What is a water vole?

Remember Ratty in Wind in the Willows? He wasn’t actually a rat as his name suggests, but was in fact a water vole! The name Ratty was probably derived from their other common name, the water rat, even though water voles only superficially resemble rats and are not that closely related to them. They are a semi-aquatic member of the Rodent family with the Latin name, Arvicola amphibius.

Water voles are much larger than most people realise, up to 9 inches long with a 3 inch tail on top of that. They are real ‘ecosystem engineers’, albeit on a small scale. This means that their burrows and feeding regimes mean that they can change how a habitat looks and functions over a period of time. This is all very positive as they create microhabitats which other wildlife can make use of.

They eat over 200 different kinds of plants, mainly in the sedge, rush and grass family. They will eat around 80% of their body weight each day, so it is crucial there is plenty of good vegetation present for them to munch on. Water voles do not hibernate, so during the winter they will dig up rhizomes and eat bark to survive as most of the green plants will be too tough for them to eat.

Water voles, not surprisingly, are only ever found close to water, and will rarely wander more than a few metres away from the waters edge. They form burrow systems in the bank edge, preferring to have an exit hole right next to the water, so they can escape from danger very quickly.

They will readily breed all year round, but conditions are usually only suitable for them from April to October, during which time they may have two or three litters. Since they rarely survive two winters it is imperative they breed as much as possible during their short lifetime. Not only do they have a naturally short life expectancy, they are also a prime prey species. Many of our native fauna feed on water voles, ranging from herons and owls, to pike and otters. It’s certainly a tough life for our friend Ratty!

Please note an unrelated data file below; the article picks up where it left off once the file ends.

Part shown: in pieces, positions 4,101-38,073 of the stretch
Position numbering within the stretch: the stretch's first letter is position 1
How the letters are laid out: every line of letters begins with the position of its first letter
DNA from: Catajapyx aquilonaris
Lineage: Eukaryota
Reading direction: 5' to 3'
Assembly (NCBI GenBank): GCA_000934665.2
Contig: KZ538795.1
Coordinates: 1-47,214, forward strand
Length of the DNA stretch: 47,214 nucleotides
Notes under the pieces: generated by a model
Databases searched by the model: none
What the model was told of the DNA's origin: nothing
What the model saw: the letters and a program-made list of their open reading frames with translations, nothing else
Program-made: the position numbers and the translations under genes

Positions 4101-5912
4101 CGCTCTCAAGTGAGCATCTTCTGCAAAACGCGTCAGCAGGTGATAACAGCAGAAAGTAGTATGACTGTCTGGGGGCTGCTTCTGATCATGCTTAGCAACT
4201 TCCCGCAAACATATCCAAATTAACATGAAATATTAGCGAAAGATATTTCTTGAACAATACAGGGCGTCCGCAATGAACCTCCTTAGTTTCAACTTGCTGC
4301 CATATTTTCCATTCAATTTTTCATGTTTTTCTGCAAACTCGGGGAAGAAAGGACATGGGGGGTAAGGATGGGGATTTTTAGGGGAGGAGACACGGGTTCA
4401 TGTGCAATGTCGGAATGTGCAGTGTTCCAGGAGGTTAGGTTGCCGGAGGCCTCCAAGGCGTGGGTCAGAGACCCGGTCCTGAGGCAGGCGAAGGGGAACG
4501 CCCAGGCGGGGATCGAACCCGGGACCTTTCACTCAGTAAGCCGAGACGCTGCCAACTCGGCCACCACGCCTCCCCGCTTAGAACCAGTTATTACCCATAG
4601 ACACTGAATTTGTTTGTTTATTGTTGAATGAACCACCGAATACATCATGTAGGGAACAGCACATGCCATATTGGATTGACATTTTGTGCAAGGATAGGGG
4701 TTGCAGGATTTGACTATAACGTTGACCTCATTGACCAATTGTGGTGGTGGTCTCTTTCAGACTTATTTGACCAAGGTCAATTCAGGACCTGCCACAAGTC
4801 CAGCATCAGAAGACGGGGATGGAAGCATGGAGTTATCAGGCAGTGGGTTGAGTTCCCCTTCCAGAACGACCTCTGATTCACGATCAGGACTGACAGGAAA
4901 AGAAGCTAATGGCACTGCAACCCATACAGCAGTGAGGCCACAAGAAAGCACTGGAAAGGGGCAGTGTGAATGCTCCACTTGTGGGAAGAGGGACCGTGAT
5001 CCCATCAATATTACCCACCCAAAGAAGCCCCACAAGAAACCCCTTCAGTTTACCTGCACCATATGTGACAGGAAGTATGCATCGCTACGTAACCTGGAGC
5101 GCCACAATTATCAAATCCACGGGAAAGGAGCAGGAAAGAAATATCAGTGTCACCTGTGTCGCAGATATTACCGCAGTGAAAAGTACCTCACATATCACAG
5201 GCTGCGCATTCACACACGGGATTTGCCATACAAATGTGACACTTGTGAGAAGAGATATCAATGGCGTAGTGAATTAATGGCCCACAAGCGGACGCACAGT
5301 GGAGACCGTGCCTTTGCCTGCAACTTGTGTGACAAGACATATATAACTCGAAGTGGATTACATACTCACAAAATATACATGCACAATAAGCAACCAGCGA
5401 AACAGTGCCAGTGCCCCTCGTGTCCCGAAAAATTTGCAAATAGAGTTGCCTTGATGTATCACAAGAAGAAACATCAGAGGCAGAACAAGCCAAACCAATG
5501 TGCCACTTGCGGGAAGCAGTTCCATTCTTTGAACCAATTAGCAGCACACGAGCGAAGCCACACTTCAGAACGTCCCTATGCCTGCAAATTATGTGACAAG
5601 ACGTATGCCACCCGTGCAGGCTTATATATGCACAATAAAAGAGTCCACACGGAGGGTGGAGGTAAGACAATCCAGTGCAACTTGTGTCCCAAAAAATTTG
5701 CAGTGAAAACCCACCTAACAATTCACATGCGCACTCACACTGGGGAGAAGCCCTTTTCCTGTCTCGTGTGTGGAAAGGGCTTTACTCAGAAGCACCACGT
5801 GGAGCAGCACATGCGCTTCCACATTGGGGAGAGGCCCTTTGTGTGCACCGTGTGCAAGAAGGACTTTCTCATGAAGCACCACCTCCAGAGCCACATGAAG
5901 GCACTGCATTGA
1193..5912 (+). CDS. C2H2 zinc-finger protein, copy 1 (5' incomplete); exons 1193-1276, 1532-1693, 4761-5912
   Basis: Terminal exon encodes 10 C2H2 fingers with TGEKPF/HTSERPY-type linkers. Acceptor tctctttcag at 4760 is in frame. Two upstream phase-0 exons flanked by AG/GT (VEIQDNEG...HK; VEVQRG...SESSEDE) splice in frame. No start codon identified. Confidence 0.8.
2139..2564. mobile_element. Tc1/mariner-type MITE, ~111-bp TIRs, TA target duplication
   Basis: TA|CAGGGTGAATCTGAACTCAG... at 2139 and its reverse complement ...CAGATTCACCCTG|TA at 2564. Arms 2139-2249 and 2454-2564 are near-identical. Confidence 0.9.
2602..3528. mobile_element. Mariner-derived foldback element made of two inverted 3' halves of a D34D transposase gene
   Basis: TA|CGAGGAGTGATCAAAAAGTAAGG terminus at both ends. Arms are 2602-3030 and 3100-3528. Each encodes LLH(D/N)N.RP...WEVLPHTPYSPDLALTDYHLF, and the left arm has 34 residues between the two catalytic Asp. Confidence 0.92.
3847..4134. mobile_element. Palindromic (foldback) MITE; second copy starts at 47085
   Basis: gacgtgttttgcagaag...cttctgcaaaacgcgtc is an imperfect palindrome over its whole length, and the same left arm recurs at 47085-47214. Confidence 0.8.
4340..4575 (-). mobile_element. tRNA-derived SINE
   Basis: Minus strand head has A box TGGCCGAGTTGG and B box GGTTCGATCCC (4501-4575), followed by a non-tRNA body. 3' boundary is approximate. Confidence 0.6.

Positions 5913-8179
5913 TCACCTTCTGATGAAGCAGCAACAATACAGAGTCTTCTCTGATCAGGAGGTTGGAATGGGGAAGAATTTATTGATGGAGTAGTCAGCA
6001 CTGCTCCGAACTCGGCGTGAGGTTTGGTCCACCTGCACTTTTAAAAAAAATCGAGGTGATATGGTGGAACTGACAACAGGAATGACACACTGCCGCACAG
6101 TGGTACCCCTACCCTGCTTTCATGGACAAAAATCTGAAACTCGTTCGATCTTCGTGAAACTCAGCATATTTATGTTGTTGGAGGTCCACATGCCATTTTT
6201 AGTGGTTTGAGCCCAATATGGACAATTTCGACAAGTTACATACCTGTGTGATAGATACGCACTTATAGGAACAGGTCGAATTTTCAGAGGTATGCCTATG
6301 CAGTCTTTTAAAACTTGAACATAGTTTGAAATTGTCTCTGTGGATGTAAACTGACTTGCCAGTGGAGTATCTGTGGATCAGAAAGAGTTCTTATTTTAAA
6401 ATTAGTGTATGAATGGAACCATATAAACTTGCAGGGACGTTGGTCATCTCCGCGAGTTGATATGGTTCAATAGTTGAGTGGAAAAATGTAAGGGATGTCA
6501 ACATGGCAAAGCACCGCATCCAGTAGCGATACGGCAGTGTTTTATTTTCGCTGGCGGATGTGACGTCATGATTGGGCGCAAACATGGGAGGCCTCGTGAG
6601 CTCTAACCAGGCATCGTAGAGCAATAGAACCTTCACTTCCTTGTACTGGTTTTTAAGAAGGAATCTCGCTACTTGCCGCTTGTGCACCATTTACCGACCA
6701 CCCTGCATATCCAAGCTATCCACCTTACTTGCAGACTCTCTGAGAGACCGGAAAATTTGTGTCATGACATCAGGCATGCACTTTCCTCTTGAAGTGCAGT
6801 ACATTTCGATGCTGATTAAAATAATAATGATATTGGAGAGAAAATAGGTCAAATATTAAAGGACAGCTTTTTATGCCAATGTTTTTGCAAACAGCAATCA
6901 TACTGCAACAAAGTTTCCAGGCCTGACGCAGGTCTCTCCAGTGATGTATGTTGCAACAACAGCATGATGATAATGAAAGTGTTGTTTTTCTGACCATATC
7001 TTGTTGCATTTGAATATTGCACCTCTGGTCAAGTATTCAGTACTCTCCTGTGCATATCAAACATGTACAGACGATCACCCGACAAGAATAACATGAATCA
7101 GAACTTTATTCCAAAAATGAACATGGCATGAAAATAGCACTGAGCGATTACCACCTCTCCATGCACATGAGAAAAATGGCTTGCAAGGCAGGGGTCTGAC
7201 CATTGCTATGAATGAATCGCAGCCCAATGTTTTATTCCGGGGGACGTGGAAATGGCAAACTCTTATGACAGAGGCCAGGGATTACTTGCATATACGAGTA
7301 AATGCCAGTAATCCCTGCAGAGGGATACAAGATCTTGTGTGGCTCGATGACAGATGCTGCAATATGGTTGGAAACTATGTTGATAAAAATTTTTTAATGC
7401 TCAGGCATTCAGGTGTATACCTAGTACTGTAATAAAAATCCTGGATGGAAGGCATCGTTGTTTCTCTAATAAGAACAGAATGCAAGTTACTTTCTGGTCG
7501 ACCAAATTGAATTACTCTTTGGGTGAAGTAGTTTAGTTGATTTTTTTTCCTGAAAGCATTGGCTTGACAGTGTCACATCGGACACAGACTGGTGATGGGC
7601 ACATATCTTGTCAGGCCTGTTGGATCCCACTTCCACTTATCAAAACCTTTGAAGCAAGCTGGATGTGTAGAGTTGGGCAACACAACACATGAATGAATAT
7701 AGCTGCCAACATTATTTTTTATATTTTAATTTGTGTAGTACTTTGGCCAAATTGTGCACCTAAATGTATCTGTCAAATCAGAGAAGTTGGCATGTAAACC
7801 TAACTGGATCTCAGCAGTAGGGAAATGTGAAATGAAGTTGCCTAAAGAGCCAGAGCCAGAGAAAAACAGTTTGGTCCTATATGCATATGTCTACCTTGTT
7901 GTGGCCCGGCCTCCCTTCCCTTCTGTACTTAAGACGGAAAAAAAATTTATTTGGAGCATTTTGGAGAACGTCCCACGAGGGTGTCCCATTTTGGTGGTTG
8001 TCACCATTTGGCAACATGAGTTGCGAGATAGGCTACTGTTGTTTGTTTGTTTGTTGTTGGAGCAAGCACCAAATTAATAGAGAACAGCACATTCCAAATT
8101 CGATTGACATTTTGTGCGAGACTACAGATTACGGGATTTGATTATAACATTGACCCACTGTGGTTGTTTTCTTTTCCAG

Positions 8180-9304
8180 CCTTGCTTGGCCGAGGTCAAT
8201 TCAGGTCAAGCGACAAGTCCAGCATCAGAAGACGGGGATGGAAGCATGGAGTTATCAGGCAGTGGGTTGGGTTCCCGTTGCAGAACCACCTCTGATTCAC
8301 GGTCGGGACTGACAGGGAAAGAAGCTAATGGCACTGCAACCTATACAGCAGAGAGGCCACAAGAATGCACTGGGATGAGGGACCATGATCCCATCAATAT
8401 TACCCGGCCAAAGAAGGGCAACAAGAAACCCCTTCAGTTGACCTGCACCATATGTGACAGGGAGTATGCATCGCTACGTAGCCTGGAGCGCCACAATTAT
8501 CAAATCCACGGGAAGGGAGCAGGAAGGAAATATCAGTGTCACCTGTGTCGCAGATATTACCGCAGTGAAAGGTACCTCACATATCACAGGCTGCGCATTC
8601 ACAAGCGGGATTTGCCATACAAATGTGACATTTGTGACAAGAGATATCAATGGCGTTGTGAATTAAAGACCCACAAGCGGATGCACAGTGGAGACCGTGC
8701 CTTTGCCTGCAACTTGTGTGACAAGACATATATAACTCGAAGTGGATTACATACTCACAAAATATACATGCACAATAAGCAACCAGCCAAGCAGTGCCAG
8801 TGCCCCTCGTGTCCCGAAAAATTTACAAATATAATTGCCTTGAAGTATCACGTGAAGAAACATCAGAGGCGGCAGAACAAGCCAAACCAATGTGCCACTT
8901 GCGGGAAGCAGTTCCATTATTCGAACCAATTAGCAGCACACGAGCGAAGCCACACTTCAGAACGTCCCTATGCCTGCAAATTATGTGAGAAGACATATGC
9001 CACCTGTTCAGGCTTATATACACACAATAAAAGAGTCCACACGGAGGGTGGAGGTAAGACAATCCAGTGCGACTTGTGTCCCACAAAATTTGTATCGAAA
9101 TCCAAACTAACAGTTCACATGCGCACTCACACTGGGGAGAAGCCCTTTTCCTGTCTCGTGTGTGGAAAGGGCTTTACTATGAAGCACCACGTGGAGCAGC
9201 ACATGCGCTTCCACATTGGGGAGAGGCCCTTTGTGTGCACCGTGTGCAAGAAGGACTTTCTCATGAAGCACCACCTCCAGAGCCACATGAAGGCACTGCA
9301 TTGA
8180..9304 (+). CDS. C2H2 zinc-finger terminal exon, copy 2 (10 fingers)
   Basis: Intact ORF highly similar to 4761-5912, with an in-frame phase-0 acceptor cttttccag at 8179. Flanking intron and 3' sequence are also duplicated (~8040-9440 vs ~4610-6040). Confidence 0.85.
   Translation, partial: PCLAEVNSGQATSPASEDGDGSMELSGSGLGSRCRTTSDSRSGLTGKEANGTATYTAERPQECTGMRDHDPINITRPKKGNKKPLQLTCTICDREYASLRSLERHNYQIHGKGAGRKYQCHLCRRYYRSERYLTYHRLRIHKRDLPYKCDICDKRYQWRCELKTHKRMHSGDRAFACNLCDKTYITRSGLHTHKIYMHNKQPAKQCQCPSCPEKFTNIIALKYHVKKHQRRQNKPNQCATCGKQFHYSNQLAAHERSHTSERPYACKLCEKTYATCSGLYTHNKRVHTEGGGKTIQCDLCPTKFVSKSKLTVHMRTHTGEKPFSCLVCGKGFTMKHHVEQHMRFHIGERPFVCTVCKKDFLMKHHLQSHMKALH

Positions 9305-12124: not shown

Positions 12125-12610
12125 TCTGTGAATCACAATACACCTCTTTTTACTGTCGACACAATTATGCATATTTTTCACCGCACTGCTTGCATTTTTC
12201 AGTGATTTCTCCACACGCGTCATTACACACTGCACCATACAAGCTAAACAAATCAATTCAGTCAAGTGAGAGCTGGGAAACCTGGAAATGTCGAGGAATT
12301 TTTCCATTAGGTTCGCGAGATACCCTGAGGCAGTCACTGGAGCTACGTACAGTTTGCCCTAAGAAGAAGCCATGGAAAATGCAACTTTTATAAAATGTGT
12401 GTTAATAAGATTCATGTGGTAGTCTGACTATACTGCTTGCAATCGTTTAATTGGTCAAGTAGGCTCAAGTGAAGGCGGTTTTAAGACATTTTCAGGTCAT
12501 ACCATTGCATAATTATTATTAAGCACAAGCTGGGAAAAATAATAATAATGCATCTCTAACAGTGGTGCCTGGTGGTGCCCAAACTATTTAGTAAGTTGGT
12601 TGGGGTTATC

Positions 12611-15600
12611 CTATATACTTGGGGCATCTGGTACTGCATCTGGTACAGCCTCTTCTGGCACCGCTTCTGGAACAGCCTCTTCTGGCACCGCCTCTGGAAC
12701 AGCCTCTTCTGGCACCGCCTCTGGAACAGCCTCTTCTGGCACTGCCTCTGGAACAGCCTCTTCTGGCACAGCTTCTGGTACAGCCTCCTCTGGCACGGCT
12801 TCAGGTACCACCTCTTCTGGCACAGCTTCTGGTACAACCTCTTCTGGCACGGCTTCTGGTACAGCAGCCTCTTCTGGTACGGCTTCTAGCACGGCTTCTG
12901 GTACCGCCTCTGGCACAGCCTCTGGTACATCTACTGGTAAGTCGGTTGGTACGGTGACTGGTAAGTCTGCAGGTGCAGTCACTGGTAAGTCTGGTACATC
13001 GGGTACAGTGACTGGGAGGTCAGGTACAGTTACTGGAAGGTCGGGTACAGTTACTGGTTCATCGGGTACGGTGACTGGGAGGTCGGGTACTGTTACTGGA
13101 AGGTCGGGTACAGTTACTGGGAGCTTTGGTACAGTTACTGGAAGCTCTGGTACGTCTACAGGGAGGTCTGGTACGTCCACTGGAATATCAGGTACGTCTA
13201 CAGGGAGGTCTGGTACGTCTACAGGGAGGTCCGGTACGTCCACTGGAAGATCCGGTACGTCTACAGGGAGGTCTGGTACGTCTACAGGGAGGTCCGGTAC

How do I know if I have seen a water vole (or found evidence of them)?

Water voles leave several tell tell signs behind when they have been living in an area. Or you might even be lucky enough to see one in the flesh!

Know your vole!

As previously mentioned, they are large, much larger than most people realise, up to 9 inches long (12 inches including the tail). They are usually a dark brown colour and have very small ears and a rounded face. The only other animal they might be confused with is the brown rat. Make a note of the following key differences between rats and water voles:




  1. Water voles have a rounded face. Rats have a pointy face
  2. Water voles have a shorter, furry tail. Rats have a long and scaly tail which is sometimes pink
  3. Water voles have small, inconspicuous ears. Rats ears are large and round
  4. Water voles will only be found near water. Rats can be found anywhere



Feeding remains